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Imperial Grunts: On the Ground with the American Military, from Mongolia to the Philippines to Iraq and Beyond

Imperial Grunts: On the Ground with the American Military, from Mongolia to the Philippines to Iraq and Beyond - Robert D. Kaplan
I [am] a citizen of the United States and a believer in the essential goodness of American nationalism, a nationalism without which the security armature for any emerging global system simply could not have existed. I did not doubt that at some point, perhaps as soon as a few decades, American patriotism itsel might begin to become obsolete. I also had no doubt that we were not there yet. I had served in the military: in the Israeli rather than the American. In Israel in the 1970s, finding life exclusively among Jews in a small country claustrophobic, I discovered my Americanness anew.... My goal as a writer was simple and clear. I wanted to take a snapshot for posterity of what it was like for middle-level commissioned and noncommissioned American officers stationed at remote locations overseas at the beginning of the twenty-first century...
-Chapter 6, Imperial Grunts, Robert D. Kaplan

With much of the writing about Afghanistan and US military forces abroad coming from very young sources (even Sebastian Junger is a mere 46 as he dispatches to Vanity Fair; Bellavia is 24 when he first gets deployed; Internet journalist Kevin Sites is 39 as he enters Iraq; Luttrell, Wright, Swofford, Kyle, Parnell all in their twenties or early thirties as combat or embedded combat journalism is a work of young men), to large degree we receive the perspective of twenty-four year olds: certain, dedicated, black-and-white, aggressive, absolutist, and keen. To that degree, it's useful and beyond useful to have Robert Kaplan, currently sixty-one years old on the ground in Djibouti and Afghanistan to provide a father and babyboomer's perspective, a professor and a long-time Atlantic's journalist's understanding.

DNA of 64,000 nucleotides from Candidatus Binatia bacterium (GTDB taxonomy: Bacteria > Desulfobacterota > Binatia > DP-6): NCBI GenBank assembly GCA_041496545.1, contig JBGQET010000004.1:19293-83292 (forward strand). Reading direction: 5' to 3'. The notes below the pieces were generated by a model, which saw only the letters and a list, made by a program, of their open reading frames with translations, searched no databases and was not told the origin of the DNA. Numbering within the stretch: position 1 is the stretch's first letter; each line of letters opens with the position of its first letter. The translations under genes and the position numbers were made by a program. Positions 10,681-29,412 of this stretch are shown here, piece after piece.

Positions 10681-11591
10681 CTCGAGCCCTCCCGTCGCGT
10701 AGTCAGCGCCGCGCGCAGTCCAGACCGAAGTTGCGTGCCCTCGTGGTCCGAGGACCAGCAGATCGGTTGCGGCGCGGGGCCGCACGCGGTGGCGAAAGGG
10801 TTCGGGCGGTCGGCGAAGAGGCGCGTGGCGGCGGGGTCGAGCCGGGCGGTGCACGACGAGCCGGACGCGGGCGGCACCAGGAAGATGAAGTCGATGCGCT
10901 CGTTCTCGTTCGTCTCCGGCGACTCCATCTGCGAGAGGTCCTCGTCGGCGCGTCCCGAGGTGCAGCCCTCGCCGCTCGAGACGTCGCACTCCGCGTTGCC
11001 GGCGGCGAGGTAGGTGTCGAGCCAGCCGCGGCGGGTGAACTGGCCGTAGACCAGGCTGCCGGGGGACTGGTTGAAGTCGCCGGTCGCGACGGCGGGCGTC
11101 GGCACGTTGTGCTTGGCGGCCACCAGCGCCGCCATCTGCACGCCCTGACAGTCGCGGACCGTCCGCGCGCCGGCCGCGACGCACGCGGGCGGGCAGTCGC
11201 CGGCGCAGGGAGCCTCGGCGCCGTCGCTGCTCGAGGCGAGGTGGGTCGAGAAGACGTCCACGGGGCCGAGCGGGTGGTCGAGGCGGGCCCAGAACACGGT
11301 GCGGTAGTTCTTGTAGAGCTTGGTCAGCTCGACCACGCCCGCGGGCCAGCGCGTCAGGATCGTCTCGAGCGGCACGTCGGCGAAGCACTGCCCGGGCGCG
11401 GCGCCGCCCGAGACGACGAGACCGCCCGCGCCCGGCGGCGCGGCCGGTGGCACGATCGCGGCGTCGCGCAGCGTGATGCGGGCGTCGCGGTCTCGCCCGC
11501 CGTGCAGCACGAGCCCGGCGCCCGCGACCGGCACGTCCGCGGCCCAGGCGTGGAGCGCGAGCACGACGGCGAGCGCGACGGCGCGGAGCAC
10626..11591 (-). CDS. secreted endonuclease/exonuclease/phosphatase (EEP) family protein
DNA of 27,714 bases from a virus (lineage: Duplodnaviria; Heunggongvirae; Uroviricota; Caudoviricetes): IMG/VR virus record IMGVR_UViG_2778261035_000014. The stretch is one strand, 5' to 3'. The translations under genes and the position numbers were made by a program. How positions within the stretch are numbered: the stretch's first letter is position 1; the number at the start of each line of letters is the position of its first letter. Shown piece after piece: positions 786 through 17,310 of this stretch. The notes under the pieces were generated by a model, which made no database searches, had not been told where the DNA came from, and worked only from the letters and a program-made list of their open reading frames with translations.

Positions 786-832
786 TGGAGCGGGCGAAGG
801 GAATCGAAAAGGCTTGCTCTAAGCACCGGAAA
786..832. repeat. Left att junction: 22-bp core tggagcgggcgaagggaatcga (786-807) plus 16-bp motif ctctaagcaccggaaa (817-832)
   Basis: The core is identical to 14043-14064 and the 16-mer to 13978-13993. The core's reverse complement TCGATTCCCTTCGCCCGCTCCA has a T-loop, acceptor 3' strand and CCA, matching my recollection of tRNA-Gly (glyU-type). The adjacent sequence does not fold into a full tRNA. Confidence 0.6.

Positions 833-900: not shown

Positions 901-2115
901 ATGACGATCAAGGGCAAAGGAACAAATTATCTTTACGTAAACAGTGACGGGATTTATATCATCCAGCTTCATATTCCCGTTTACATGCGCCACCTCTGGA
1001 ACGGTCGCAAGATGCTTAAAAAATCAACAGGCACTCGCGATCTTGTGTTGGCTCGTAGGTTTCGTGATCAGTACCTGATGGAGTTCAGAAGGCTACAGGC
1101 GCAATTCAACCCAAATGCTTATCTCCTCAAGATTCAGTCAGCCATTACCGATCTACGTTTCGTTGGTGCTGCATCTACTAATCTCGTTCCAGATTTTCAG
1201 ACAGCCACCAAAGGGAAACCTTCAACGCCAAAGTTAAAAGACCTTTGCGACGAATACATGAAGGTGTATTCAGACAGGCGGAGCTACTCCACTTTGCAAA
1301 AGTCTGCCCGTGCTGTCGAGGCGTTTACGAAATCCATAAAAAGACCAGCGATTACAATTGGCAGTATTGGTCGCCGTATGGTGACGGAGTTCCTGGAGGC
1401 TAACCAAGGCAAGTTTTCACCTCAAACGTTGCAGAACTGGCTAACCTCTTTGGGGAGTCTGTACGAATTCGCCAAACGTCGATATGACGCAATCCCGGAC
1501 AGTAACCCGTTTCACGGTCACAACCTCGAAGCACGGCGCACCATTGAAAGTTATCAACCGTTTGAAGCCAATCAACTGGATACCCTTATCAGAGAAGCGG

Kaplan is right-of-centre. He is a Zionist. He tells us with his rheumatic eyes that 'whorehouses across Asia use a fishbowl presentation.' He has children. These may be unusual perspectives for the 2013 reader, brought up on Zinn and Nader, who is used to left-of-centre critique and who drinks 'riptide rush' gatorade flavor, remembers 'gnarly' and 'rad' as elementary school slang, likes x-treme sports. But if Internet research reveals that Kaplan is a Stratfor analyst and a former Naval Academy professor, at the same time divergence of perspective is important to the broadly ranging reader. And Kaplan is a skilled writer, an organizer of information. A known minority of b-list non-fiction books start strong and then slowly slowly decline as the writer realizes there is only a limited amount of material he or she understands and can write about. Kaplan's book peaks in the middle, with the battlefront of Afghanistan providing a severe backdrop to what is otherwise peaceful deployments. Like Kevin Sites, he does the global thing, covering the entire world of deployment, but unlike Sites, he has a wealth of connections and personal experience to draw upon, and the story goes deeper and sees deeper.

I can't say that I would be voting any time soon for Kaplan to high electorial office, and I don't know whether being designated a senior advisor by SecDef Robert Gates is an honor or merely a sign of establishmentarianism, but I am eager to read the rest of Kaplan's works, and perhaps his wikipedia page is actually sort of enticing for future theory and practice. 4/5 solid.